9th of November

The Four Crowned Brothers, martyrs, 304. St Godfrey, bishop of Amiens, confessor, 1118.

Died. – Pope Boniface II., 532; Louyis VIII., king of France, 1226, Mo0ntpensier; Duns Scotus, theologian and scholar, 1308, Cologne; Cardinal Ximenes, governor of Spain during minority of Charles V., 1517; Madame Roland, revolutionist, guillotined at Paris, 1793.

On this Day in Other Sources.

James Bethune, Bishop-elect of Galloway, was postulated to the see of Glasgow, 9th November 1508, and consecrated on the 15th April 1509, at Stirling. He was previously Lord Treasurer, but resigned that office on his being preferred to the archbishopric. He held other great church benefices, as the abbacies of Arbroath and Kilwinning. He was made chancellor of the kingdom in 1515, and took a leading part in the politics of the time against the party of the Douglases. In 1523, he was translated to the see of St. Andrews. 

– Sketches, pp.29-70.

The Fischergate occupied what is now the lower end of Stockwell Street, that name having, in the early part of the sixteenth century, been adopted from a well, called the “Stok Well,” which had for many years stood in the Fishergate. In a deed of sale in 1487 a tenement is described as lying in vico Piscatorum juxta le Stok well; and it is stated to be bounded by a certain tenement on the south, and by another tenement on the north – a description which could not be applicable to a building in the Bridgegate, which runs east and west. But the matter is put beyond doubt by two instruments in the recently published Book of Protocols, both of the same date – 9th November, 1512 – in one of which a tenement is described as situated in “le Fischaregait,” and in the other the same tenement is described as lying “apud Stok-well” – showing that at that time the street was known by both names.1

– Old Glasgow, pp.150-161.

1  Liber Procollorum, Nos. 595, 596.

The business of the ayre being finished; and the Queen sufficiently strong; she left Jedburgh, on the 9th of November [1566]

– Life of Mary, pp.136-151.

The time was approaching when, in accordance with a recent act, the Egyptians were to depart from Scotland, under pain of being liable thereafter to be killed by any one without challenge of law. In anticipation of this dread time, one of the nation, named Moses Faw, appeared before the authorities of the kingdom, and pleaded for permission to remain under protection of the laws, on the ground that he had wholly withdrawn himself and his family from that infamous society, and was willing to give surety for his future good behaviour. The desired permission was extended to him on that condition (Nov. 9, [1609]). – P. C. R.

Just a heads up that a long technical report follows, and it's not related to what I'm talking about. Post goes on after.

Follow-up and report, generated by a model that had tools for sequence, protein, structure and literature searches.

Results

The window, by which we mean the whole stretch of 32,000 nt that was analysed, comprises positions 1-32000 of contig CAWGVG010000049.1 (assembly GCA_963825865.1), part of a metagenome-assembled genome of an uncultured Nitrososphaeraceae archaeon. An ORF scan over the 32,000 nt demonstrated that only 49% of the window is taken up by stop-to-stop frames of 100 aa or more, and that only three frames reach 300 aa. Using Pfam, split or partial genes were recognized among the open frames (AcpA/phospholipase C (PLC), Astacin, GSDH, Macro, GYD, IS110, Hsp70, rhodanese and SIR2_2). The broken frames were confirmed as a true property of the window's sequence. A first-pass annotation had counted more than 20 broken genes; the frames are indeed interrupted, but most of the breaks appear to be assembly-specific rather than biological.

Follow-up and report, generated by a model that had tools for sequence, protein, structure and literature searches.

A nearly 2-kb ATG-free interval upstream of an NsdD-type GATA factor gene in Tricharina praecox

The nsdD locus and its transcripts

– Domestic Annals, pp.177-227.

On the 9th of December, [1618, the comet’s] tail was 70º in length, being, according to Kepler, the longest that had been seen for a hundred and fifty years. 

– Domestic Annals, pp.177-227.

Nov. 9 [1699]. – It was customary for the Lords of Privy Council to grant exclusive right to print and vend books for certain terms – being all that then existed as equivalent to our modern idea of copyright. Most generally, this right was given to booksellers and printers, and bore reference rather to the mercantile venture involved in the expense of producing the book, than to any idea of a reward for authorcraft. Quite in conformity with this old view of literary rights, the Council now conferred on George Mossman, stationer in Edinburgh, ‘warrant to print and sell the works of the learned Mr George Buchanan, in ane volume in folio, or by parts in lesser volumes,’ and discharged ‘all others to print, import, or sell, the whole or any part of the said Mr George his works in any volume or character, for the space of nineteen years.’ 

– Domestic Annals, pp.355-378.

Nov. 9 [1709]. – The Lords of Session decided this day on a critical question, involving the use of a word notedly of uncertain meaning. John Purdie having committed an act of immorality on which a parliamentary act of 1661 imposed a penalty of a hundred pounds in the case of ‘a gentleman,’ the justices of peace fined him accordingly, considering him a gentleman within the construction of the act, as being the son of ‘a heritor,’ or land-proprietor. ‘When charged for payment by Thomas Sandilands, collector of these fines, he suspended, upon this ground, that the fine was exorbitant, in so far as he was but a small heritor, and, as all heritors are not gentlemen, so he denied that he had the least pretence to the title of a gentleman. The Lords sustained the reason of suspension to restrict the fine to ten pounds Scots, because the suspender had not the face or air of a gentleman: albeit it was alleged by the charger [Sandilands] that the suspender’s profligateness and debauchery, the place of the country where he lives, and the company haunted by him, had influenced his mien.’ – Forbes’s Journal

– Domestic Annals, pp.379-389.

2469. Owen (Robert). Report of a Plan for Relieving Public Distress and Removing Discontent by giving Employment to the Poor and Working Classes. 1821.

Robert Owen was the son-in-law of David Dale (see Nos. 163, 347, 519, 529), and projector of the socialist communities at Lanark and elsewhere. His son, Robert Dale Owen, well-known as a spiritualist, was born in Glasgow, 9th November, 1800, but at an early age became a citizen of the United States of America.